Condition 8531 (must not remain in Australia beyond the period of stay permitted by the visa)

If you hold a visa with condition 8531 and cannot depart Australia as planned, you should apply for a further visa before the date on which your visa ceases. If you are also subject to condition 8503, you will need to request a waiver of this condition first.

We understand some people cannot leave Australia as planned due to travel restrictions, and we will take this into account for any future visa or sponsorship applications.

Condition 8558 (must not stay in Australia for more than 12 months in any 18 month period)

If you hold a visa with condition 8558 and cannot depart Australia as planned, your visa will cease if you stay in Australia for 12 consecutive months at a time.

If you have been in Australia for 12 cumulative months in an 18 month period, your visa will still remain valid until the visa expiry date.

You should apply for a further visa if your visa will expire before you can depart Australia. If you are also subject to condition 8503, you will need to request a waiver of this condition first.

Visa processing arrangements

If you need to apply for a new visa to stay in Australia, you can still explore your visa options and make a visa application at ImmiAccount. We encourage applicants to apply online wherever possible, as these applications will be processed faster.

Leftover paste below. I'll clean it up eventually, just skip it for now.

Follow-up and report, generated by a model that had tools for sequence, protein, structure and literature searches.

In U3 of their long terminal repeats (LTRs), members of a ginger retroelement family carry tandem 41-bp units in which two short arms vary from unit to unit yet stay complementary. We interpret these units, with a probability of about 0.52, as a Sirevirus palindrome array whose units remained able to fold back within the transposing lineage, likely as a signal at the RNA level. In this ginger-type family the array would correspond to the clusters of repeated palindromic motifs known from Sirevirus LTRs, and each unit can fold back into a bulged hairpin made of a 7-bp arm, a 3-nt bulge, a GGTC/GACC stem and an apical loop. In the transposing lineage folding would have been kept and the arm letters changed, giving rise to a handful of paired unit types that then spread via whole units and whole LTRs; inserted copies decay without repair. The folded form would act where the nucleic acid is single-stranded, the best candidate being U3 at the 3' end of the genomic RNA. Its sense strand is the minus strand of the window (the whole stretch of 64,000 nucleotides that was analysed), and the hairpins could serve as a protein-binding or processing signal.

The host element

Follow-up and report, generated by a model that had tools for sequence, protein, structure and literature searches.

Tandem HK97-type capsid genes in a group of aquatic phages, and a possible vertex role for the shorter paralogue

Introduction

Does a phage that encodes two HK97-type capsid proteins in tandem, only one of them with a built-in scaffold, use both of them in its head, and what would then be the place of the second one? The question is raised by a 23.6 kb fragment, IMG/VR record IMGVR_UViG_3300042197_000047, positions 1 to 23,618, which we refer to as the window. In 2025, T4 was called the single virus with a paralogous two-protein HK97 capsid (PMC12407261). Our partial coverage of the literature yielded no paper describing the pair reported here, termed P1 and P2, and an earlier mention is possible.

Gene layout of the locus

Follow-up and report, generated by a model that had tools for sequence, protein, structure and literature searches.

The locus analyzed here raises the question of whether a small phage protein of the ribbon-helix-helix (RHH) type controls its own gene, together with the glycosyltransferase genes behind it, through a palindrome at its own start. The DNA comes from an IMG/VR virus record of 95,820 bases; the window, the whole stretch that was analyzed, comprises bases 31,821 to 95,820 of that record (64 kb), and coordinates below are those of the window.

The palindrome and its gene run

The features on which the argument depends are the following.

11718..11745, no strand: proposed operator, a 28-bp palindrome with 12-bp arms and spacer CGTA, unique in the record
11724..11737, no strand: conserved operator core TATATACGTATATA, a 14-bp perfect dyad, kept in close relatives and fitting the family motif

Some services relating to the visa application process may be impacted by COVID-19 and a range of services we rely on (such as medical checks and biometric collection) are increasingly unavailable. Applicants will be given additional time to complete checks and provide the requested information.

We will take the service disruptions into account when considering your visa application.

You do not need to contact us to ask for more time to complete these checks.

I have a Student visa

Latest updates/media releases

The Government is taking a flexible approach in relation to student visa conditions where COVID-19 restrictions have prevented conditions being met, such as attendance at class or use of online learning.

If your study in Australia is ending, and you are unable to depart Australia, you can apply for a Visitor visa (subclass 600). You need to do this before your Student visa expires.

If your course is ‘out of session’

You can work unlimited hours if your course is considered ‘out of session’. Courses are considered ‘out of session’ during scheduled course breaks or if a student has finished their course as scheduled.

If you are studying a masters by research or a doctorate course

If you have commenced studying a masters by research or a doctorate course, you may work unlimited hours.

If your course has been deferred

You can work over 40 hours per fortnight if your course has been deferred.

Temporary relaxation of working hours for student visa holders